What is BII (Breast Implant Illness)?

Aug 6, 2021 | Breast, Breast Augmentation, Plastic Surgery

Contrary to popular belief, “breast implant illness” isn’t an “illness” in the traditional sense. Instead, it’s a term used to describe a broad range of symptoms that can develop in women after breast implant, breast augmentation, or breast reconstructive surgery. Unfortunately, it is not a thoroughly studied phenomenon — so even though doctors have done what they can to educate themselves to prevent BII, some questions remain unanswered. Nonetheless, women, doctors, and scientists alike are all learning more about BII every day to help women worldwide understand, prevent, and cope with BII.

 

How Many Women Experience Breast Implant Illness?

Since BII isn’t an “illness” and is relatively unexplored, there isn’t solid, collected information on how many women experience BII. However, there are relatively large BII advocacy groups on Facebook, with over 50,000 reported cases of women sharing their BII stories. While that number isn’t exactly insightful for women looking to vary probability, it is beneficial to know that BII isn’t considered “common” enough for the FDA to reconsider the safety of breast implants and breast augmentation. Nonetheless, the FDA is working on better product labeling, early detection technology and recommendations, and a national registry of women with implants to help with device tracking.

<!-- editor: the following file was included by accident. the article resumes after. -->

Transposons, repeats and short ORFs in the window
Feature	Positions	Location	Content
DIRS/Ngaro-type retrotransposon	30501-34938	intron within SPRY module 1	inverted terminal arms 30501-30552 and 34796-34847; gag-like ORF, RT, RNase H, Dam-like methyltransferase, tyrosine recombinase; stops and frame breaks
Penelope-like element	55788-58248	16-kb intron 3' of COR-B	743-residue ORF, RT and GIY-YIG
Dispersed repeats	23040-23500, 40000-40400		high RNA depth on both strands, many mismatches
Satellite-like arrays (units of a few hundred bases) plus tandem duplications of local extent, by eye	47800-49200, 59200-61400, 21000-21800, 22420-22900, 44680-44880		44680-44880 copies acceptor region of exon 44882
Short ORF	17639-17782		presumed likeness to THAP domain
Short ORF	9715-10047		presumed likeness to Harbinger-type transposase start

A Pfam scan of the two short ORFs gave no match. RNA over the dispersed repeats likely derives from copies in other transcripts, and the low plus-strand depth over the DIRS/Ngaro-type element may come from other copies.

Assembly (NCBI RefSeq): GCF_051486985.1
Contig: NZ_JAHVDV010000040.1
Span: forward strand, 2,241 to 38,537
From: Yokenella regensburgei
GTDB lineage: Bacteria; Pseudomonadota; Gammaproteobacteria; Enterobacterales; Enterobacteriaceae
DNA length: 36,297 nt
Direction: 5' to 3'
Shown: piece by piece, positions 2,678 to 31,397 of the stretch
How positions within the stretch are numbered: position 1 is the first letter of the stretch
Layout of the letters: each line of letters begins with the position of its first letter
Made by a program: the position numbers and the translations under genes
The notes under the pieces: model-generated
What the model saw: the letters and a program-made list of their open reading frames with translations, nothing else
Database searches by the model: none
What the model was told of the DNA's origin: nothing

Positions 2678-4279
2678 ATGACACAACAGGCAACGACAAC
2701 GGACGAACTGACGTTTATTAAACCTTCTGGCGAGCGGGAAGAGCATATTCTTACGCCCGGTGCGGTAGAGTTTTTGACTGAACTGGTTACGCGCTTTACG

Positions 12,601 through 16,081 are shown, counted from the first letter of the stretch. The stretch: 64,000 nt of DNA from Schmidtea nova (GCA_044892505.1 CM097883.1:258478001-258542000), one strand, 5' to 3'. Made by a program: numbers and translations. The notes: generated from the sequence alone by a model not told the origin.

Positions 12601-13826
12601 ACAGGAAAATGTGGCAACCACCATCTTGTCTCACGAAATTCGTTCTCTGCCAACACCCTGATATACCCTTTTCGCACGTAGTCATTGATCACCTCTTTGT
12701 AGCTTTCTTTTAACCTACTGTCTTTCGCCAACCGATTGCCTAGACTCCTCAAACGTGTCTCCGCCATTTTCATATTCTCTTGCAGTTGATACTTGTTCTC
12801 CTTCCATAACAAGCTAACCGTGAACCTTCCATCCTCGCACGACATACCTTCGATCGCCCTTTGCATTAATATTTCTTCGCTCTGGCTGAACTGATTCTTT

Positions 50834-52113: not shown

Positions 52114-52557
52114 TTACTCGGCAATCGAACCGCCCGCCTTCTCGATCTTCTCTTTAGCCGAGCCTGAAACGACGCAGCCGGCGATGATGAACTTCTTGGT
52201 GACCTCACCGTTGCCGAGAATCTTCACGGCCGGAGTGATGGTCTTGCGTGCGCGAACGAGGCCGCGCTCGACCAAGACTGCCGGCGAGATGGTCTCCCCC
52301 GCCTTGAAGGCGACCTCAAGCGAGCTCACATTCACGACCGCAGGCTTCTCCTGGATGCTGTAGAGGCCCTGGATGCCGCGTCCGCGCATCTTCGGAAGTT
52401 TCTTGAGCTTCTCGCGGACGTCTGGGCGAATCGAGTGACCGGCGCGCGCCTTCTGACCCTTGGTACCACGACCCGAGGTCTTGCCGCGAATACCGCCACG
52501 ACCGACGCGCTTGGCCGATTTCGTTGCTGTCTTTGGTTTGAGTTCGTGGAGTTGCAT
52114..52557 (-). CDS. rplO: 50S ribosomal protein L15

Who Can Get Breast Implant Illness?

Breast implant illness isn’t necessarily a random phenomenon. While there are women who can develop BII seemingly out of nowhere, this is not often the case. Doctors who have investigated BII have found that women with a history of autoimmune conditions in the family are more prone to developing BII. Additionally, women with connective tissue disorders, such as lupus, rheumatoid arthritis, and scleroderma are more likely to develop BII symptoms. However, some women who seek breast implants or breast augmentation do not know they are prone to autoimmune conditions or connective tissue disorders and do not discover this until after they have developed BII. Breastcancer.org recommends that women with “allergies, and conditions such as irritable bowel syndrome, migraines, chronic fatigue, or fibromyalgia” be warier of breast augmentations due to the seemingly higher chances of developing BII. Breastcancer.org also reassures breast cancer patients that “There’s no evidence that a history of breast cancer or any other cancer makes you more likely to develop BII.” 

 

What Causes Breast Implant Illness?

While scientists and doctors aren’t entirely sure what causes BII, they have their suspicions. Poorly made breast implants, poorly inserted breast implants, outdated implants, outdated techniques, and certain breast implant textures all contribute to the possibility of developing BII. Breast implant breakage, lumps, and unnatural moving can also trigger BII. While the FDA closely monitors the ingredients in breast implants, the performance of specific companies, and the health practices of breast implants, there are cases of unreported implants used by cheap doctors, FDA-recalled implants, or just bad practices. In these cases, the woman is more likely to develop BII than a trusted doctor with safe implants. Even for women who have not developed BII, it is crucial to check on implants regularly and permanently replace them when needed. Having a good surgeon, primary doctor, and top-quality cosmetic surgery team helps lower the chances of BII due to safe practices, honorable implants, and impeccable hygiene.